Map of the Mediterranean
In the fifth chapter of Comparing Media Systems, Hallin and Mancini commence their discussion of the The Mediterranean or the Polarized Pluralist Model by defining what constitutes the “Mediterranean” countries here placed in question. The countries that constitute Southern Europe in their discussion are Greece, Italy, Portugal, Spain, and to a lesser extent, France. These countries have been grouped together under this model of polarized pluralism due to the sharp political cleavages that persisted as a result of their late development of such liberal systems as political democracy and capitalist industrialism. Polarized pluralism describes a model of liberal democracy wherein a vast array of distinct political parties exists, and inhabits an exceedingly wide spectrum of political stances. Hallin and Mancini argue that the late implementation of liberal ideologies has been instrumental in shaping the distinct media trends of these Mediterranean countries, due to the tradition of mass media as an arena for expressing political ideologies and enacting political negotiation and mobilization; the circulation of media in Southern Europe has customarily been dependent on subsidies from the state and other politically-inclined enterprises, thus limiting the forces of commercialization.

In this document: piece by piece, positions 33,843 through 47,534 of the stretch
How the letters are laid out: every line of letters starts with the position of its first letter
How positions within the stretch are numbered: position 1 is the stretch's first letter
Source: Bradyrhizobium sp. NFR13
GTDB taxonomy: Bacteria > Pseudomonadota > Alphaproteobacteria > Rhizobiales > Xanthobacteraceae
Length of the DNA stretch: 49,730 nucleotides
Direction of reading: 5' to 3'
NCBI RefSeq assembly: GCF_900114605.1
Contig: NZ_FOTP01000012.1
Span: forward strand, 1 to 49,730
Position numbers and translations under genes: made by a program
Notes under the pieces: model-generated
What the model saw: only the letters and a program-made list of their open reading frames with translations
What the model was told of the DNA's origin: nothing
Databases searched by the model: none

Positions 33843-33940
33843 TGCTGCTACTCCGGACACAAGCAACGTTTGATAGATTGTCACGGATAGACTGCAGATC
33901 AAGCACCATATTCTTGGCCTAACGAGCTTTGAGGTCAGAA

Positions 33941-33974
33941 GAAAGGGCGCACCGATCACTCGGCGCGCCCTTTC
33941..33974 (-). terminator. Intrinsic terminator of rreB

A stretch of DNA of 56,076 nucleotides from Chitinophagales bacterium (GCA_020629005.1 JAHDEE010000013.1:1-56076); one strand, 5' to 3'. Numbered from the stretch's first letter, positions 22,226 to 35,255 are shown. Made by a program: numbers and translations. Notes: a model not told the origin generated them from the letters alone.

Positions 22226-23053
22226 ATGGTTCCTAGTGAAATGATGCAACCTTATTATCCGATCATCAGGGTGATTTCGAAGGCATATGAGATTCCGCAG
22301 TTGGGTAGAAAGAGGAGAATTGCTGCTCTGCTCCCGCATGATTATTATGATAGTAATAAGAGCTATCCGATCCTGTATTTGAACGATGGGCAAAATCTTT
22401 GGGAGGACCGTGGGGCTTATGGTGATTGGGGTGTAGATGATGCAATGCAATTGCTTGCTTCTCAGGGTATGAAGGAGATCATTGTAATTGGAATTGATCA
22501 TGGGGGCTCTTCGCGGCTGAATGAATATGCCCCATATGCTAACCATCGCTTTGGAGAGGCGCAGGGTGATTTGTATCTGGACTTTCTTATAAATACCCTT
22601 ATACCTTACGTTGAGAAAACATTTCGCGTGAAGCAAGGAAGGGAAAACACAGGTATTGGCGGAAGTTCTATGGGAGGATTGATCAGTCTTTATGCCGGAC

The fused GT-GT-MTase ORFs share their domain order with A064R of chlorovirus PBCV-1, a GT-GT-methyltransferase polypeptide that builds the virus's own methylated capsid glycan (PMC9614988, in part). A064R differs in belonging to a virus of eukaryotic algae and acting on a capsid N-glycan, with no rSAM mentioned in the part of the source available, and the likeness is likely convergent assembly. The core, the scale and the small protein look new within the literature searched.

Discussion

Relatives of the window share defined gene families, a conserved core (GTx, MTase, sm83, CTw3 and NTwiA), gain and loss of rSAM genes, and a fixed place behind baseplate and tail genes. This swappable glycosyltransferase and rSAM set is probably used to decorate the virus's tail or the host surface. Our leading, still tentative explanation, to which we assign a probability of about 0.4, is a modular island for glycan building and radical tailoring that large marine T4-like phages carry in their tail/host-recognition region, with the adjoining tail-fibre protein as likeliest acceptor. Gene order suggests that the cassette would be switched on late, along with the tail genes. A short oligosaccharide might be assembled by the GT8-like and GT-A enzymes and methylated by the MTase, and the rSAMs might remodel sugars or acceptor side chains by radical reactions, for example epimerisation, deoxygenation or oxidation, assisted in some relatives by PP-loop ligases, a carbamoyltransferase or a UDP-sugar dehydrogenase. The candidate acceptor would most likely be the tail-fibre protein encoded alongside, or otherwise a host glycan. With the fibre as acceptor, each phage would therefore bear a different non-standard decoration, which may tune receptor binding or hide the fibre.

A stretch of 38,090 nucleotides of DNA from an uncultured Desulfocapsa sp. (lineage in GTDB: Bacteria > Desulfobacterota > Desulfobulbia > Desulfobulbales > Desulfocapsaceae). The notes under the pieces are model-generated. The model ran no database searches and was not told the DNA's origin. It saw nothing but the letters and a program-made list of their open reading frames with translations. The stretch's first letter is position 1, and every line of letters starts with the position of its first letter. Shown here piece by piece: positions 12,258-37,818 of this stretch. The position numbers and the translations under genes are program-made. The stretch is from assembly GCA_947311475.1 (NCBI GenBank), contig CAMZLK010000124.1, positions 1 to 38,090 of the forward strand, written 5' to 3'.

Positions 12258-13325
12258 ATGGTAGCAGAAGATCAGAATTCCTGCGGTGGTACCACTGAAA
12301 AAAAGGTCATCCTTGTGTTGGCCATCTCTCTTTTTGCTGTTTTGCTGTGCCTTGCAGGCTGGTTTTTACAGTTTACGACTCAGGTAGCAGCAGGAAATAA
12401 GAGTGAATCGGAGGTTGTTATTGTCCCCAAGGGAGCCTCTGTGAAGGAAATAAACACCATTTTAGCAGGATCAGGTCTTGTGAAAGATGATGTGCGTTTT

Historically, the state has played a great role in the media of Southern Europe, and therefore has great power to intervene, however the effectiveness of such interventions have often been compromised by lack of resources or political consensus. Censorship by the state lingers even in the democratic governments of today. State ownership of media enterprise is also a concept of Mediterranean countries both in broadcasting and the press. The Radio-Television-Francaise under Charles de Gaulle is exemplary of the Government Model of broadcast organization, in which the government assumes direct control over public broadcasting. In such a system, politics takes precedence over broadcasting, a marked symptom of a party-politicized system. Until 1964 all top personnel of the R.T.F. were appointed directly of the French Minister of Information. To this day, Italy and France maintain the highest levels of subsidies to the press in Europe, but some funds are directed toward marginal papers to protect political diversity.